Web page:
• Cash Management, Technology

    How new tech and CBDCs can simplify payments

9 June 2022

Managing cross-border payments and cash in Asia-Pacific presents its own specific challenges. How can CBDCs and AI help to remove frictions? flow summarises the four key learning points from a recent Economist Impact webinar supported by Deutsche Bank

As geopolitical risks increase and what were black swan events become more frequent, cash concentration is gaining importance for companies around the world. Access to liquidity has become essential, so treasurers are seeking solutions to avoid the problem of trapped cash. However, implementing fully automated cross border pooling structures is not easy in jurisdictions with cross-border lending requirements and restricting FX regulations – of which Asia-Pacific has many.

So how do new technologies such as artificial intelligence (AI) and application programming interfaces (APIs) help to improve cash and risk management in the region? What role could central bank digital currencies (CBDCs) play towards easing frictions in the cross-border payment space? And how should corporate treasurers prepare for a future when CBDCs might outstrip incumbent digital payment methods?

These questions were discussed in a recent webinar titled “Maximising new-age technology and regulatory developments around CBDCs in APAC”, hosted by The Economist and supported by Deutsche Bank. This article summarises the four key takeaways from the webinar shared by the following speakers:

  • Sophie Yang, Regional Treasurer APAC, Henkel
  • Xuelin Chen, Director, Group Treasury, Trip.com Group
  • Chintan Shah, Managing Director, Head of Cash Management – APAC, Deutsche Bank; and
  • Lane Silverman, Treasury Consultant (Moderator)
webinar participants -  How new tech and CBDCs can simplify payments

Sophie Yang, Lane Silverman, Xuelin Chen and Chintan Shah during the webinar (clockwise from upper left)

1. China is ahead of the CBDC curve with companies already testing the eCNY

The past two years have been marked by major steps forward in the development of CBDCs. Between May 2020 and May 2022, the number of countries exploring a digital currency has more than doubled and 87 jurisdictions worldwide are considering the possible introduction of a CBDC.1

China is undisputedly a frontrunner as the country’s central bank – the People’s Bank of China (PBoC) – started piloting its eCNY back in April 2020 (see Figure 1). At that time, the European Central Bank had yet to begin investigating the launch of digital euro – only in October 2021 did its review finally get underway.2

Figure 1: The digital yuan has been in pilot stage for two years

Figure 1: The digital yuan has been in pilot stage for two years

Source: Deutsche Bank Research, The Future of Money by Marion Laboure, March 2022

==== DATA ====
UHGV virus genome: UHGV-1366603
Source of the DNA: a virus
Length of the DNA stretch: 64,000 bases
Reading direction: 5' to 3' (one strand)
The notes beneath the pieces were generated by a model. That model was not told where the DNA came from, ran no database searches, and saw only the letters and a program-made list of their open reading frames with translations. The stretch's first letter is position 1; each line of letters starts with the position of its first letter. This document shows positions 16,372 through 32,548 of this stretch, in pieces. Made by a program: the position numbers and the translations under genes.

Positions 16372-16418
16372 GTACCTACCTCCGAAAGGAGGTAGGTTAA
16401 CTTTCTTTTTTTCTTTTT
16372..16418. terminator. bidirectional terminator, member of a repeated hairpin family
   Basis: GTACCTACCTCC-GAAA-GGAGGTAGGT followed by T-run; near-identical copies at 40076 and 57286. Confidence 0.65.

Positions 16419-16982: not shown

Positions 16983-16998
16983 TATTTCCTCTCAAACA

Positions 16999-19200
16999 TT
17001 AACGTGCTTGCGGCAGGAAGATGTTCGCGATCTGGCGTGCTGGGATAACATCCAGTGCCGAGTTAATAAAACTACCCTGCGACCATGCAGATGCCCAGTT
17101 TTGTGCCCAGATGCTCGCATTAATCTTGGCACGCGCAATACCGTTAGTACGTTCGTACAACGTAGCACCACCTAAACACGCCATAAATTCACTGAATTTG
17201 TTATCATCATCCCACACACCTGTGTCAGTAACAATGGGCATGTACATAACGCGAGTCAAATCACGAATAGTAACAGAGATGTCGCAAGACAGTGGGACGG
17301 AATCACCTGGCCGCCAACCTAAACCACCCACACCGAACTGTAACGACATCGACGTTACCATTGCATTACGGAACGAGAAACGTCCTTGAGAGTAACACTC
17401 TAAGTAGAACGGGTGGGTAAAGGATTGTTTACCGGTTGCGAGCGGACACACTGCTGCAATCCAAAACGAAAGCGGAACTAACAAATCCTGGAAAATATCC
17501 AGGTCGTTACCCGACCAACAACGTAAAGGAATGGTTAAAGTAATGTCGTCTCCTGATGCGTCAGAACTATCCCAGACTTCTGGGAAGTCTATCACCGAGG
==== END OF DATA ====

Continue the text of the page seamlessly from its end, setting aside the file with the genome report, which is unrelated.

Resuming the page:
China’s leading role in the field of CBDCs was in evidence during the webinar: Trip.com Group – one of the world’s largest online travel agencies operating platforms for booking flights, hotels, trains, car rentals and attraction tickets – already offers its clients the option to pay via digital yuan (eCNY).

The Shanghai-based company was among the corporates chosen by the PBoC to test how the digital currency works in practice, Trip’s head of treasury Xuelin Chen shared during the webinar: “The central bank has made it very clear that the eCNY will, in a first stage, only replace physical cash and coins,” she reported. “Therefore, they were interested in testing it for small purchases like buying tickets for amusement parks.” The cap on eCNY transactions means it is not yet possible for the company’s customers to use eCNY to pay for an entire holiday on Trip.com platforms. So, the digital currency currently accounts for less than 1% of travel agencies’ payment volume.

However, corporates are already keen for a broader adoption of the eCNY, as Henkel’s Sophie Yang outlined. Over the past two years, the Germany-based company has developed digital marketplaces3 for its beauty care and laundry/home care business units.

“We would like to pilot eCNY collection with one of our core distributors”
Sophie Yang, Regional Treasurer APAC, Henkel

“Wholesalers can place orders, track delivery status and pay via credit card, Paypal and other e-wallet solutions which allows for an end-to-end shopping experience,” reported Yang, who heads Henkel’s regional treasury centre for APAC in Shanghai. As part of this digitisation strategy, her team is setting up an eCNY wallet with one of its local distributors, who manages an online beauty shop. She added: “Going forward, we would like to seek more digital currency use cases in operative transactions.”

Henkel and Trip.com are two of the many companies interesting in exploring CBDC use cases in China: According to a March 2022 Deutsche Bank Research report, The Future of Cash: Central Bank Digital Currencies, 10 million corporate accounts had already been created by the publication date. “With more than 1.4 billion inhabitants, China’s CBDC has the potential to advance digital currencies into the mainstream,” notes the report’s author Marion Laboure, Senior Strategist, Deutsche Bank Research.4

2. CBDCs need to provide benefits comparable to digital wallets, and China’s PBoC could easily push adoption

With such a massive pool of potential users, the eCNY could at least partially replace the country’s established payment methods and instruments – principally AliPay, WeChat Pay and the UnionPay bank card. “With the way the eCNY wallet works at the moment, I don’t see any advantage for the consumer to pay with eCNY compared to AliPay, WeChat or any other digital wallet,” said Trip.com’s Xuelin. “But if the PBoC decides to push adoption – which could easily be done by enabling tax or utility bill payments via eCNY – this could change quickly.”